Bethany McLean: That’s a very Aubrey McClendon quote from what people told me he was frequently emailing people in the middle of the night from hotel rooms and doing deals. I was fascinated with him dating back to probably 2010 as a business journalist I’m always interested in these larger-than-life characters the ones who prove that old adage that truth is stranger than fiction. And I think Aubrey McClendon is one of those characters you can make a guy like this off of you if you tried. And a source of mine, oddly enough an Australian, would say to me that Aubrey McClendon was the most important man in America and he was obviously implying some degree of hyperbole. But what he meant by that was that if McClendon was right and America could produce these vast quantities of natural gas then for better or worse that would change the type of industry that we’re located here it would change geopolitics. And it was a really, really big deal for the future of the country. And if he were wrong, well then he was wrong. And this was also a guy who would have debates with his partner at the hedge fund he operated and his partner would say the oil and gas are real. And my friend John would say, yeah, but the economics don’t work. And so I was fascinated by this industry because of this observation from the beginning that the economics were very suspect, were shaky ground. But anyway, so I was fascinated by Aubrey and by just the flamboyance of his character. And he created this company called Chesapeake that grew to be the country’s second largest producer of natural gas and was just a risk taker like the world has rarely seen. And the thing I actually like and admired about McClendon is that not only did he risk a lot of other people’s money but he also risk his own, and that’s rare. So when he died he was bankrupt essentially. And the amount of capital he was able to raise was just astonishing. He was one of the world's great salesmen. And Austin, in an investment firm who was very skeptical of McClendon and pretty skeptical of the economics of the fracking revolution in entirety said to me that he never let Aubrey in the door for a meeting. Because he knew that if he did, his firm would end up buying a ton of stock and it wouldn't end well. But a lot of people did buy it’s actually pretty stunning, I calculated these numbers from 2000 to 2012 when McClendon got booted out of his company. Chesapeake raised $15 billion in equity about $16 billion in debt and over $30 billion by doing lots of other deals including some very Enron-esque deals in which they essentially sold gas forward and got the proceeds upfront as a loan of sort secured by the gas. When you think about that just huge amount of capital and for me that became emblematic of this industry because while there is some technology in fracking and there are obviously chemicals at work in fracking. The key ingredient which this whole thing wind up happened is capital, just mountains upon mountains of capital. And so while McClendon wasn't the father of that sort of the technology that enabled hydraulic fracturing, he was the pioneer of capital raising. And I was struck by what another source of mine said to me about Aubrey McClendon he said, he just did what the rest of the industry did on steroids. And so I thought as a metaphor for this industry he couldn't be a better figure. And when he dies in this somewhat mysterious car crash in the spring of 2016 this looks like the end for the U.S. fracking industry. And so it seem like the punctuation mark that was gonna underscore the end and it wasn’t, but his death still marked a moment.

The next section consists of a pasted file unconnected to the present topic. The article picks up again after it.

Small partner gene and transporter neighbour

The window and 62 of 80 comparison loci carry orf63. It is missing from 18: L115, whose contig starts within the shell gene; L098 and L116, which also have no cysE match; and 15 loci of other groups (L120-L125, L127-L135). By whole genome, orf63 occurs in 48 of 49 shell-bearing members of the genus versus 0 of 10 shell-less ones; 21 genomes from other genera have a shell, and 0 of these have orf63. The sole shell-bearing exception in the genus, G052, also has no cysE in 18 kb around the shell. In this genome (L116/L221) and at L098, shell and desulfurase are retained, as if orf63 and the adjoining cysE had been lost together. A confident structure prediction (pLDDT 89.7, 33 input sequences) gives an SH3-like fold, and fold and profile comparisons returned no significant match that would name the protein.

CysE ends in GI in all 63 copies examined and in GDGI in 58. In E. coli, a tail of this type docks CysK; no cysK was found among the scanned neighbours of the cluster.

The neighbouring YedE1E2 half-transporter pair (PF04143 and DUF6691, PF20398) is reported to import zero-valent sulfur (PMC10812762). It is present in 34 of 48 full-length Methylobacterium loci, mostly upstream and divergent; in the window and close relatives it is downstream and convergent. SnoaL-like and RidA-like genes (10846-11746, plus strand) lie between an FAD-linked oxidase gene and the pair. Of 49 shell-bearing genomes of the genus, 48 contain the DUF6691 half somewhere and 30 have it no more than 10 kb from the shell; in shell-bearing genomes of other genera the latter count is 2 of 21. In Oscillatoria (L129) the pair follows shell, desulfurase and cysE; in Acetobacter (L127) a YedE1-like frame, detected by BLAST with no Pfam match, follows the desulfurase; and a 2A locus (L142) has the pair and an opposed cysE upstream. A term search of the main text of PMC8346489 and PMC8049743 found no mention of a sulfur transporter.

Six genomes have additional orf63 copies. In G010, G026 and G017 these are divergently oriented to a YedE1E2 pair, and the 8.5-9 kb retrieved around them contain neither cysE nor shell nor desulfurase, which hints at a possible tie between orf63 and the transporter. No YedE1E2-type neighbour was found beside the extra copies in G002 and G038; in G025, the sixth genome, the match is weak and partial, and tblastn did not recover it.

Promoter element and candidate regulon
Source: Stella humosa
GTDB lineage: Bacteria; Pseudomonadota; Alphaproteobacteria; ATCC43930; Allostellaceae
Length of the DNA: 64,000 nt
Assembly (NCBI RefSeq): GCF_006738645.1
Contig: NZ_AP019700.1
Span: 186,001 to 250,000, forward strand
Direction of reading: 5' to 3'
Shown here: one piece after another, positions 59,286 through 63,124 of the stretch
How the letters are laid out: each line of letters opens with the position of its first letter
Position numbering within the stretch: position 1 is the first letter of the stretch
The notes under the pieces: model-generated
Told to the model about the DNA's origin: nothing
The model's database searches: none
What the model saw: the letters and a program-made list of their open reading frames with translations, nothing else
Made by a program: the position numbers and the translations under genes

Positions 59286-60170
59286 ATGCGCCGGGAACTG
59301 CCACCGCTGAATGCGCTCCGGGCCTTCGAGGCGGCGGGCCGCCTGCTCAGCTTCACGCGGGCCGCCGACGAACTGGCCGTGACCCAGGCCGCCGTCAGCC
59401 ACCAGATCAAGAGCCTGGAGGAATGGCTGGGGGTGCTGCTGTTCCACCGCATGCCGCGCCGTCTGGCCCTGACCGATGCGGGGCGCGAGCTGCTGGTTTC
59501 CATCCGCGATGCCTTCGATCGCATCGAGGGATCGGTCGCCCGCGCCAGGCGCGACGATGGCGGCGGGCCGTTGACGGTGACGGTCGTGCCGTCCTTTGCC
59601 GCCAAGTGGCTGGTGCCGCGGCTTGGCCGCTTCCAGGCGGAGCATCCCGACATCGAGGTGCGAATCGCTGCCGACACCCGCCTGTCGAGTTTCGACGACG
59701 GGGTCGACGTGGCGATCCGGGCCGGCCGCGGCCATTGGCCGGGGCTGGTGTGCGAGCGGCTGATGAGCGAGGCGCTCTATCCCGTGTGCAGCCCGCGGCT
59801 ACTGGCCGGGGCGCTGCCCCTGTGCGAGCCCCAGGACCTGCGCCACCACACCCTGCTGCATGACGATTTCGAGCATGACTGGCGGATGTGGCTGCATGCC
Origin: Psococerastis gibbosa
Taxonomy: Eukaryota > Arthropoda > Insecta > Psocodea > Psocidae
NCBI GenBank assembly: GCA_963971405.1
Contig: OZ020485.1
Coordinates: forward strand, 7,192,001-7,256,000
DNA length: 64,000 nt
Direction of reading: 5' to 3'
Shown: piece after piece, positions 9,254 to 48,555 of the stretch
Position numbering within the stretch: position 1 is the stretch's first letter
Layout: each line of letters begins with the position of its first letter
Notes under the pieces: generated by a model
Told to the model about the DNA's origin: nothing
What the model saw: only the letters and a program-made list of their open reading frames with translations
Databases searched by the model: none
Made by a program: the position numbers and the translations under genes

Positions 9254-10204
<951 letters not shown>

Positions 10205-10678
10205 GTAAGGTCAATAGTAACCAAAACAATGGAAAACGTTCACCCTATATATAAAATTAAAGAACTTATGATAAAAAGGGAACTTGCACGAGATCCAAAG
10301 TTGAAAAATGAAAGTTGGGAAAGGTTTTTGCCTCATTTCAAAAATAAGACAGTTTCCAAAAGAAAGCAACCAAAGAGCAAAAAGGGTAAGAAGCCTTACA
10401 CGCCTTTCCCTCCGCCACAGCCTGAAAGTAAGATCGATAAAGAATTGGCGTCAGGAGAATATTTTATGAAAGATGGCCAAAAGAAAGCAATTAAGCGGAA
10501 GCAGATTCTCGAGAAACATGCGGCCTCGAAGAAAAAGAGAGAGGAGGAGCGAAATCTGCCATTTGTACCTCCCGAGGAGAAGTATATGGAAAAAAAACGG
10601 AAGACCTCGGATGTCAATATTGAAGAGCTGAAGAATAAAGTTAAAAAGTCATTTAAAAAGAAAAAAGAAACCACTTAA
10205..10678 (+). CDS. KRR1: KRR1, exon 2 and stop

Greg Dalton: And his rise and fall, tracks the rise and fall of industry, you know, natural gas was price at about $7 or $8. A lot of people thought it was going to stay there. A lot of smart people smart money on Wall Street thought it was gonna stay there. So tell us from that peak to the, you know, it crashes in around $2 in 2012 and what that did.
Bethany McLean: Yeah. So McClendon seemed to forget his own adage which is that high prices cure high prices. And so he continued to, he and others just continue to produce this mammoth glut of natural gas that eventually created the price and made it even more difficult for these companies to make any money. And then not only had Aubrey had basically borrowed against all of the stock in order to buy, yeah, more stock. And so when Chesapeake's stock plummeted, Aubrey got called with margin loans and essentially got wiped out and never really recovered from that bankruptcy in the fall of 2008. And then he ended up getting booted out of his company in 2012 went all sorts of other shenanigans that he was engaged in, came to light through a great series of pieces and writers.
Bethany McLean: Well, we’ll never know but he was speeding in his car, texting, not wearing a seatbelt, which I guess was far for the course for him. And he crashed into a concrete embankment going 80 miles an hour seemingly making no effort to avoid the collision. And he’d been indicted the day before by the Justice Department for antitrust violations. And it would have taken them down this would have been the end his investors would have fled. And he made this amazing comeback after getting kicked out of Chesapeake, he did round two and managed to raise another $15 billion people who are still willing to bet on him, that’s how good this guy was. But he probably would not have been able to have around three other then again you never know. But the indictment would have marked the end and the timing of course is incredibly suspicious so people have always speculated that it must've been a suicide. But the Oklahoma City police decided that they would not rule it a suicide and the police department captain said, we’ll never know a 100% what happened. But the funny thing about McClendon he was in some ways also in more ways admirable because he was never down and people who saw him in the months before his death that he seemed like Aubrey always did. I mean his whole empire was crumbling and falling to pieces and he was just as optimistic and carefree as he had always seem to be.